Posted by: Christina Torode
application virtualization, CIO, desktop virtualization, ISV software virtualization licensing, virtualization licensing
When it comes to virtualization licensing terms, what is it going to take for some independent software vendors (ISVs) to stop dragging their feet?
When I asked IT executives at the recent Gartner Catalyst conference in San Diego about the biggest challenges of desktop virtualization deployments, most of them said that dealing with “some” ISVs remains a real pain.
In fact, some IT executives are removing some ISVs’ software applications from their desktop and application virtualization plans because they fear the ISVs will change licensing terms.
As one executive put it, “It’s not so much a challenge to get them to understand what we’re doing; it’s that their licensing is a moving target.” As more businesses adopt a virtualization model (which removes reliance on a given piece of hardware and allows multiple users to access the same software), some ISVs apparently view the trend as a threat to profits. “So, what might be OK today, six months later or a year, [the ISV] may say it’s changing our terms,” this executive said.
Some ISVs just don’t want to acknowledge that their customers are moving to a multi-tenant computing environment, but this lack of acknowledgement could lose them a lot of customers. Of course, not all ISVs fit this bill. For the most part, ISVs are working hard to accommodate virtualized applications and desktops, IT executives say.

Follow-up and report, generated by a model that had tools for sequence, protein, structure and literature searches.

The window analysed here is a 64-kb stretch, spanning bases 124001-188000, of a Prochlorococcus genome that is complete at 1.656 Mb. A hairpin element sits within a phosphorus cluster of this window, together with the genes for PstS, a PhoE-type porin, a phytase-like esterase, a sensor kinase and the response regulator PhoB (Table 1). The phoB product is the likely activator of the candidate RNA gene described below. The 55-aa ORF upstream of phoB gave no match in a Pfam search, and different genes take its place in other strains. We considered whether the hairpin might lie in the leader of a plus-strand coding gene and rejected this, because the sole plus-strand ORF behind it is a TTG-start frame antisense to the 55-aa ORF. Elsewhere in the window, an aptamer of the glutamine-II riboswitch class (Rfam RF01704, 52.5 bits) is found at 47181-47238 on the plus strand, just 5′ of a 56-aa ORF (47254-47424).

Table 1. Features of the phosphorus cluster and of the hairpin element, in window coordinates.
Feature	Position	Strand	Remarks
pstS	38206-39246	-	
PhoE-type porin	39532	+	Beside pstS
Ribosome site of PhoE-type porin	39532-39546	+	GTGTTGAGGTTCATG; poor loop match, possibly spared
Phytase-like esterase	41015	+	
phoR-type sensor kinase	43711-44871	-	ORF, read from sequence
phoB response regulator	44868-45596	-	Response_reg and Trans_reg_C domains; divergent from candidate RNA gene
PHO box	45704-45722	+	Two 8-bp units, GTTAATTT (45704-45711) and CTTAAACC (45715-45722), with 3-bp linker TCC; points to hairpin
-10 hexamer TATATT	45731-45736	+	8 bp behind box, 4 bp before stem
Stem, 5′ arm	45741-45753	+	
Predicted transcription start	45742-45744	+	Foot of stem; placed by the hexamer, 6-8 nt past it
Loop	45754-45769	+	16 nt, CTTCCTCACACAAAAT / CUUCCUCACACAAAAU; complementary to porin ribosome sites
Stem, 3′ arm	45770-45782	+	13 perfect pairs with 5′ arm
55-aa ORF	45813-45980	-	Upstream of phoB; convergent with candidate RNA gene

This isn’t the first time we’ve written about the virtualization licensing-terms dilemma, and given the attitude of some ISVs, it likely won’t be the last. To recap some of the advice from one of those virtualization licensing stories, here are two tips on negotiating licensing terms, courtesy of licensing expert Paul DeGroot, formerly with research firm Directions on Microsoft:
Negotiate software licenses based on named users. The cost of licensing software in a virtual environment based on processors can add up fast. Data volume for many businesses is going up, and in turn, the number of processors they need to license is rising too, while the number of users is remaining the same or even decreasing.
Look to retrofit existing software licensing terms for a virtual environment. Some vendors offer amendments to existing licensing agreements to account for running software on a virtual machine. IBM has a Sub-capacity licensing program in which customers can sign a contractual amendment that accounts for server licenses on a concurrent basis rather than on a named basis.
Let us know what you think of this blog post; email Christina Torode, News Director.